Pyka had the treatment done at Senior Adults Speciality Healthcare in Northwest Austin, which has been working with TMS technology for about two and a half years. TMS works through a mounted helmet that generates an electrical pulse, not unlike the technology in an MRI. Patients cycle through two-second pulses followed by 20 seconds of rest for each sequence, called a "Train," and it's repeated for about 20 minutes. Treatments are done daily for about six weeks, followed by a three week tapering off period.
Different patients may require a different power intensity depending on each patient's motor threshold, the number of sequences is the same for all patience. The pulses for this particular treatment (there are others being tested for other afflictions) target the primary motor cortex. The low-level electrical charge affects mood regulation, retraining the nervous system to work correctly.
Dr. Jaron Winston says that unlike electroconvulsive treatment, or shock treatment, which can have severe side effects, TMS has proven for many of his patients to be the a less invasive treatment for chronic depression that works more effectively than medication.
"About 60 percent of patients (within our clinic) go into total remission of their depression; 60 to 70 percent had significant reduction of depressive symptoms," Winston said.
Clinical studies of the technology since its FDA approval for treating depression in 2008 have bolstered the view that it can be effective for some who have not gotten results from medication or for those who've relapsed into depression,.
The National Institute of Mental Health has funded studies into the technology, which lists it on its website alongside electroconsulsive therapy. The American Psychiatric Association includes TMS in its 2010 guidelines for treating major depressive disorders and the organization says it will be updating those guidelines soon with more recent research.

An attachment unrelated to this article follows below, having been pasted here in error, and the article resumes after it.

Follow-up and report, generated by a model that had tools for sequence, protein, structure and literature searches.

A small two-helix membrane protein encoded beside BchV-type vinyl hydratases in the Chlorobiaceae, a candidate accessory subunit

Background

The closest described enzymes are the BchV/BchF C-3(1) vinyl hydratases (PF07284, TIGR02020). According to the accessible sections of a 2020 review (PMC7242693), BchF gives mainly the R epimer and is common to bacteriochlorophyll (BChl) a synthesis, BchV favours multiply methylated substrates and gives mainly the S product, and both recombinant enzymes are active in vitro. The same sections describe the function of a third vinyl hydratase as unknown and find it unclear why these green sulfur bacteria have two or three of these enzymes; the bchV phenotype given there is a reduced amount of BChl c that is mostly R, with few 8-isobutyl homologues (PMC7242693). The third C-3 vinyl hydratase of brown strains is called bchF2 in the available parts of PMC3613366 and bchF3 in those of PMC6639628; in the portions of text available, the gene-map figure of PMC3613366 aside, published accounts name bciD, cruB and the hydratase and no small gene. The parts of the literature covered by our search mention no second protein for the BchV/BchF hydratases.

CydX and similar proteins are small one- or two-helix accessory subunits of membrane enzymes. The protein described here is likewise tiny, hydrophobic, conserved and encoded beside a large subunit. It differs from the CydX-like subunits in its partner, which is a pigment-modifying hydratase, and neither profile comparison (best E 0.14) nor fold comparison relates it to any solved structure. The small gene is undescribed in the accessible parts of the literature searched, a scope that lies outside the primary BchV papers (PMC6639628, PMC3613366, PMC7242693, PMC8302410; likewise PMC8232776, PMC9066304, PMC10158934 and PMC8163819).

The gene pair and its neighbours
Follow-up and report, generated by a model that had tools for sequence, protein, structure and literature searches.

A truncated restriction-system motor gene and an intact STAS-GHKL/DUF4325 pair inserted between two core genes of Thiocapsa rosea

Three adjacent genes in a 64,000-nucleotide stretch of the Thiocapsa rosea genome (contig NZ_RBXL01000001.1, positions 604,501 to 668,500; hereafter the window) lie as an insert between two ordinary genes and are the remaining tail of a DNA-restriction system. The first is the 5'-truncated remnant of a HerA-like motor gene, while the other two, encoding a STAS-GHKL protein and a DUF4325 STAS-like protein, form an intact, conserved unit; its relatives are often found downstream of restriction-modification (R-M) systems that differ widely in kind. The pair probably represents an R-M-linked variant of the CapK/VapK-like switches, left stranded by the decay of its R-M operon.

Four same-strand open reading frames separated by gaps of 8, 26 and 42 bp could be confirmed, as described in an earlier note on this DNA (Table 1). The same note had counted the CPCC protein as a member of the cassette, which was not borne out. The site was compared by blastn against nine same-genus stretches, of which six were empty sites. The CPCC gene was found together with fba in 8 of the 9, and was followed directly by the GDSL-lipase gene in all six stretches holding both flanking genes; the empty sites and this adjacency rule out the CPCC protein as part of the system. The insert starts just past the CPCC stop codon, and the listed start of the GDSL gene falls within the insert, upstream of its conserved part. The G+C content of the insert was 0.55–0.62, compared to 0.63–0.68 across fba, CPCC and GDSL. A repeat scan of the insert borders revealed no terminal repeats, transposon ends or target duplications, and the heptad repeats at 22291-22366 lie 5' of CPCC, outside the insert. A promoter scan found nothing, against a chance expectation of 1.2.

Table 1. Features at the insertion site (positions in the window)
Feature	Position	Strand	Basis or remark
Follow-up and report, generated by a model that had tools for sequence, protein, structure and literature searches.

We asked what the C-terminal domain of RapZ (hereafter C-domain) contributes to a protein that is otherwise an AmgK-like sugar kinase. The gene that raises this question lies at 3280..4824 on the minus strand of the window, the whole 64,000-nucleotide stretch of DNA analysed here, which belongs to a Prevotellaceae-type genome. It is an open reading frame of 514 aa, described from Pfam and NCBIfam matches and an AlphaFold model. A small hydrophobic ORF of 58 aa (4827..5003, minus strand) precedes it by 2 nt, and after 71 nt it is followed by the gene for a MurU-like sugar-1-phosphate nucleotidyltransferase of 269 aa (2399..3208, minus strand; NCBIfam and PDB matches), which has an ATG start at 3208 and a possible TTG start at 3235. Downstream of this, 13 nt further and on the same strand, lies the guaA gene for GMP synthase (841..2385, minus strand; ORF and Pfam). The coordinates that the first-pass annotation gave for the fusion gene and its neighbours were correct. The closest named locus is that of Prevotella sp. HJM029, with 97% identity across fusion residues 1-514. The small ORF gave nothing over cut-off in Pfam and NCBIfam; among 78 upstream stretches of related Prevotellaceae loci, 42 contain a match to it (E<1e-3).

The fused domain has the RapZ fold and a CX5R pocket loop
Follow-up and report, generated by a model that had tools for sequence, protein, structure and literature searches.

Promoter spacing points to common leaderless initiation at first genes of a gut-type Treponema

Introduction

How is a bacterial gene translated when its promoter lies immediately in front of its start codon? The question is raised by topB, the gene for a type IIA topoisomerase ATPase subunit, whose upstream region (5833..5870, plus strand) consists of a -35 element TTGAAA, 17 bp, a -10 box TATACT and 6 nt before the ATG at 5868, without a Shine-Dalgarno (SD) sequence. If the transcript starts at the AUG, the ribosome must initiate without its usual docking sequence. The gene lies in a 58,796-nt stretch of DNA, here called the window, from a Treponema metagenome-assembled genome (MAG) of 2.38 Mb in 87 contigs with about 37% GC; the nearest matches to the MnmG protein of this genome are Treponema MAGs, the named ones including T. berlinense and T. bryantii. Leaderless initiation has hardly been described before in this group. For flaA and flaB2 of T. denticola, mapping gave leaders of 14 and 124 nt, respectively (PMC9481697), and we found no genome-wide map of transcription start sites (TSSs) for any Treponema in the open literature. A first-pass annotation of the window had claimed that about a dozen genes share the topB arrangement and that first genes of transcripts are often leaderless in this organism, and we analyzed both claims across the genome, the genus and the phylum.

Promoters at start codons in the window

Winston said that patients can experience some minor pain from the pulse as nerves on the scalp are stimulated, but that it typically goes away, which Pyka said was his experience.
"It feels like somebody thumping on the right side of your head for the amount of seconds" the machine runs, Pyka said. But by the third or fourth treatment, he said, "it gets more simple to do. I’ve honestly nodded off a couple of times in the chair. You get used to it."
In the U.S., Deep TMS is only FDA-approved for use in treating depression, and Winston says that insurance typically won't cover followup maintenance appointments or the treatment itself unless medications have used and failed to treat the depression.
Off-label treatments being tested using other versions of the technology could help treat post-traumatic stress disorder, obsessive-compulsive disorder, bipolar depression and even smoking addiction by stimulating other parts of the brain.
Winston said that many potential patients and even some doctors and psychiatrists are unaware that the technology exists and is available, particularly for people who aren't responding to medication.
"It's another treatment to help make (patients) functional again, to make them come out of their depression and withdrawal states," Winston said. "As treatment goes by, they will say they've never felt this well, their thinking is clearer, their cognition is better, than can focus, their mood is better, sleep is better. But there's still people who don't know anything about it."
Pyka, who has completed treatment with Deep TMS, says he's been more productive and is now able to enjoy watching his daughter grow up without taking five or six medications a day (he only takes medication for sleep issues now).
The crying and worrying, he says, has subsided.
"It's been a life-changing experience."